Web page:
2a) If a child is very young you don’t even have to say the words “contemporary techniques”. You can describe a sound (i.e. ringing bells, the roaring sea…) and let the child experiment to find ways of representing these sounds with instruments available.
  3. Storytelling time where the child has time to discover different sounds independently based on a story (a concrete concept) and find out how all sounds can fit together to make music.
  4. Dedicate 5 minutes at the beginning of each lesson to create sound colours. You can base each lesson on one theme, musical or non musical – using only percussive sounds, or only harmonics, or only multiphonics / describe emotions, places, animals, circumstances…
  5. If your students are over 11 years old then they will most likely be able to separate to recognise what playing is appropriate in each situation. You can talk a bit more in depth about contemporary techniques. So try introducing short phrases from pieces that use them, if not full pieces*. 
  6. Demonstrate and listen to recordings (yes, it is very important to listen)

*I have a piece for flute that can easily be arranged for any other instrument that is like a beginner’s piece to contemporary techniques, available on request

These are only suggestions. You know your students better and you can invent more!

Photo by Soundtrap on Unsplash

In school classroom settings
It might be a bit tricky to show or teach your students a piece that uses contemporary techniques. That’s what they are playing before you enter the room!!! Depending on your year group, the school (how open to new sounds they are) and the classroom you will get different reactions. As early as we can normalise that ‘proper’ music has many forms is usually better. So again, listening is one of the easiest tricks to introduce contemporary classical music – any music for that matter – and that timbre matters in music. This philosophy, normalising what is proper, goes beyond the music boundaries to understanding their world.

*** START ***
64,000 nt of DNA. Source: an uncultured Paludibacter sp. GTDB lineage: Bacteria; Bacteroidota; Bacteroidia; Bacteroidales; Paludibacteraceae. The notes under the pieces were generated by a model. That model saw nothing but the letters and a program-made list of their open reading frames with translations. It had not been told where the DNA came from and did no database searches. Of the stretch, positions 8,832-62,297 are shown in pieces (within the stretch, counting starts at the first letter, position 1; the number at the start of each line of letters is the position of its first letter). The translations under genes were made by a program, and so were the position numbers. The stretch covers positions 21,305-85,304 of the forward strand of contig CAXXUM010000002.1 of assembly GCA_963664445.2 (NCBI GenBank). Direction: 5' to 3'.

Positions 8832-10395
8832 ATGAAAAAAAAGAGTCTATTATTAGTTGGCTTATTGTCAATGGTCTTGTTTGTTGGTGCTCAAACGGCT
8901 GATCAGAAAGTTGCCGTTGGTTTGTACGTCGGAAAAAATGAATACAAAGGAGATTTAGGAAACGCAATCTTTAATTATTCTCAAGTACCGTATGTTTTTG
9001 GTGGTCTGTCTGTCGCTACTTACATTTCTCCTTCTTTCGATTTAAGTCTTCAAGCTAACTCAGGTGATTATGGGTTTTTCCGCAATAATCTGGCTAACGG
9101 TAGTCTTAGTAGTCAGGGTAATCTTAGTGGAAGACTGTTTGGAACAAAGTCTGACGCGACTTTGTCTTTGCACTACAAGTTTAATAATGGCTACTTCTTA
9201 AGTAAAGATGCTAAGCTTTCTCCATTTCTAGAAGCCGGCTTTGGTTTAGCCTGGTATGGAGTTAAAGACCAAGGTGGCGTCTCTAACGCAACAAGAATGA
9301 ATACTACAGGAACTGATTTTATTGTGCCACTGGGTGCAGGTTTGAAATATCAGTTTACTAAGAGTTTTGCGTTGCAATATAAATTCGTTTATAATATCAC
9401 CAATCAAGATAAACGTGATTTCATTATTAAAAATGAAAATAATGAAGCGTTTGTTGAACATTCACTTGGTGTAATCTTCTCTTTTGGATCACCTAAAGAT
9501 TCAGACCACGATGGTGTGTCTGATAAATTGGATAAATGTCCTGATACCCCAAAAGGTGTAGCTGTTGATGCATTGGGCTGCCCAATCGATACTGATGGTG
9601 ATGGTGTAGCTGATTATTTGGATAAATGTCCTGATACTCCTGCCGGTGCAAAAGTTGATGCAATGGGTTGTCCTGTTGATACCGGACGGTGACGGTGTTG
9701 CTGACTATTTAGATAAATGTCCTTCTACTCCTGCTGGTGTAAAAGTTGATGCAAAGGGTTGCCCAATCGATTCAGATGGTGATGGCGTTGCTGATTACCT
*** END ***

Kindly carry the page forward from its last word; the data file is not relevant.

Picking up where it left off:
Because…

There is not one proper, right sound (thing) that is law binding and then some other sounds around it of less importance, called exceptions. Each sound serves in its era and has its purpose, its value and usefulness according to that time period and region, when it was used more prominently. In different eras the purpose, usefulness and value of a sound changes because the resources and human needs change. Today, we know how that sound was important in the past and what it represented. We can evaluate its necessity in our present. Each person’s present is different and each present changes every few while. Those values and uses and purposes change as well. Sometimes we have to re-evaluate a technique or a sound and maybe we have to let go of it if it’s no longer useful to us in the present; or at least put it aside. It is okay to not use it anymore, we learnt a valuable lesson. It is less okay to condemn anything new because we have not learnt to live with it yet.

The ambiguity that comes with music becomes more prominent when we talk about timbre, the sound colour in a piece. This is the entire story of the piece and it becomes personal to each listener. This is what makes music so arousing and perhaps confusing. It is okay not specifying what is right or wrong, embracing experimentation and play, establishing new findings, and living as a contemporary musician.  It is another muscle to work on!

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© Rania Chrysostomou, 2020